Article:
France in the Middle Ages: 987-1460.
Georges Duby, translated by Juliet Vale. (Oxford; Cambridge, Massachusetts: Blackwell 1991). xxviii + 331 pp.; 15 plates. ISBN 0-631-17026-x. 35.00[pounds]. If one likes it, this is |mature Duby'; if one doesn't, it is |late Duby'--in other words, this book is highly readable and very interesting, but also self-indulgent and somewhat questionable in its assertions. It forms the first volume of a new political |History of France', but starts very precisely in 987, with the accession of Hugh Capet, and, although taking the story in summary up to 1450, in effect (and by the author's own admission) gives out somewhere around the beginning of the reign of Louis IX (122-670). It is really a book on the |Rise of the Capetians', and, as Duby sees it, on the inexomble unification of France. A great deal is swept in to explain these developments (Gothic architecture, marriage customs, scholasticism, courtly love, a succession of highly competent kings, etc.), and, to its credit, this is certainly a broader book than political history within the English tradition. However, Duby's thesis, which sees political unity and a strong monarchical power growing out of cultural and economic achievement, is highly questionable. It needs him to stop the clock in the thirteenth century, before the French monarchy and French unity took a severe battering in the fourteenth and fifteenth centuries at the hands of enemies from within and without, and it also requires ignoring any serious discussion of comparative and contrasting cases. Why did twelfth- and thirteenth-century Germany disintegrate as a political unit at more or less the same time as the Capetians united France? Or, why in fourteenth- and fifteenth-century Italy did remarkable cultural and economic achievement take place against a background of deep-rooted political disunity? This is an enjoyable book, containing some useful insights into Capetian kingship, but it is also a deeply infuriating one, with more than a hint of jingoistic patrotism to it: Duby may be speaking in the language of the day, but he seems to enjoy and share a vision of Capetian and French power as God-given, and it does not seem coincidence that the only late mediaeval episode he dwells on is the story of the Maid of Orleans. The book has no footnotes, even when the author is expressly discussing another scholar's ideas, except the very few added by the translator, and has only a very brief bibliography (again supplemented by the translator).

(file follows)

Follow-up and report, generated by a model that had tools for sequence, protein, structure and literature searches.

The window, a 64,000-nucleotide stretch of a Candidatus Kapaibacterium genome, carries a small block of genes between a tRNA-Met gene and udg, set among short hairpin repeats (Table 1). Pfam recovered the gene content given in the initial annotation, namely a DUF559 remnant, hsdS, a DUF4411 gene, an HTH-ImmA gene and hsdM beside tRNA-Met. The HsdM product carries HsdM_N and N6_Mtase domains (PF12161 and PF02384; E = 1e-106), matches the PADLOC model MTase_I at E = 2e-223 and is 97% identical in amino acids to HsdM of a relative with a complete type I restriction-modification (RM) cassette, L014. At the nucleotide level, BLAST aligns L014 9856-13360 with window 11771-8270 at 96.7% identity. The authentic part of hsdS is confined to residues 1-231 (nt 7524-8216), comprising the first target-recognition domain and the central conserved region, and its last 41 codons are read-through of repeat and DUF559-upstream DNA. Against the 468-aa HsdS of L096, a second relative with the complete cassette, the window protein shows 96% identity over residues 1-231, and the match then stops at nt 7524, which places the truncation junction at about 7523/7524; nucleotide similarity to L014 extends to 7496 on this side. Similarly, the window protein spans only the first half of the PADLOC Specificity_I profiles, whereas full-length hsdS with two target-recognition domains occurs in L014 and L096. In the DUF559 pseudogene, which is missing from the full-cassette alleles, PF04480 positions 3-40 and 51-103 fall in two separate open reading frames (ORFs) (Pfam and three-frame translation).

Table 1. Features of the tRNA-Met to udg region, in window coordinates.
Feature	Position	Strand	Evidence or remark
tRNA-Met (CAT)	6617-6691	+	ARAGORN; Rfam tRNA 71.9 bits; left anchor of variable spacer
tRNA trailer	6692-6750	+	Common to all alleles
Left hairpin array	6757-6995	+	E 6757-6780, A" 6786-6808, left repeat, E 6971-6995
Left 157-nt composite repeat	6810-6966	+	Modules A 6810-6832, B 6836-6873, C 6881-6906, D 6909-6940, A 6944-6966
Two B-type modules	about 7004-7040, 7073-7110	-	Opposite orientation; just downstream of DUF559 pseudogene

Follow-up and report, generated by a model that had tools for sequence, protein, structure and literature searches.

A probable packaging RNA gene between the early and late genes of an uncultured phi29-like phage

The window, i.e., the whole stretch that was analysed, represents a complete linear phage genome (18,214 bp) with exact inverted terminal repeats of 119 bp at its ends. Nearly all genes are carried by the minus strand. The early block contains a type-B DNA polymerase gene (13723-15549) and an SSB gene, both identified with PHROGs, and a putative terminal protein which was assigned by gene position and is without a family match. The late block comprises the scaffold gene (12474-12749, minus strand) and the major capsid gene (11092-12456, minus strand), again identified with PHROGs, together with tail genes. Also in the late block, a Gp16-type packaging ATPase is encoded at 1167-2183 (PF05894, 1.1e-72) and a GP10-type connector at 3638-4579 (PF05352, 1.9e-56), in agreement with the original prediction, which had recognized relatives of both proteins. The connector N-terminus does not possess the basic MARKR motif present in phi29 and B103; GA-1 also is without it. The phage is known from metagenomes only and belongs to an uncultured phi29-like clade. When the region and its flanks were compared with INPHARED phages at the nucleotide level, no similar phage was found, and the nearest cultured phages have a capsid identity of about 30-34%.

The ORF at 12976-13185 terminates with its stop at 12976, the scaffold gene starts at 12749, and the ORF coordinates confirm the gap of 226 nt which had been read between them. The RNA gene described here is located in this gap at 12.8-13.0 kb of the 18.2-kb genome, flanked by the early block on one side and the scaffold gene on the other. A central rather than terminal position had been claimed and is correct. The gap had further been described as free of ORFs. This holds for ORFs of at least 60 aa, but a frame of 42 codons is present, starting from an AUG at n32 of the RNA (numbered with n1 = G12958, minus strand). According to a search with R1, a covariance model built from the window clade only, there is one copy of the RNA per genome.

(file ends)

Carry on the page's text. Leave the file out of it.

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|Article Type:||Book Review|
|Date:||Mar 22, 1993|
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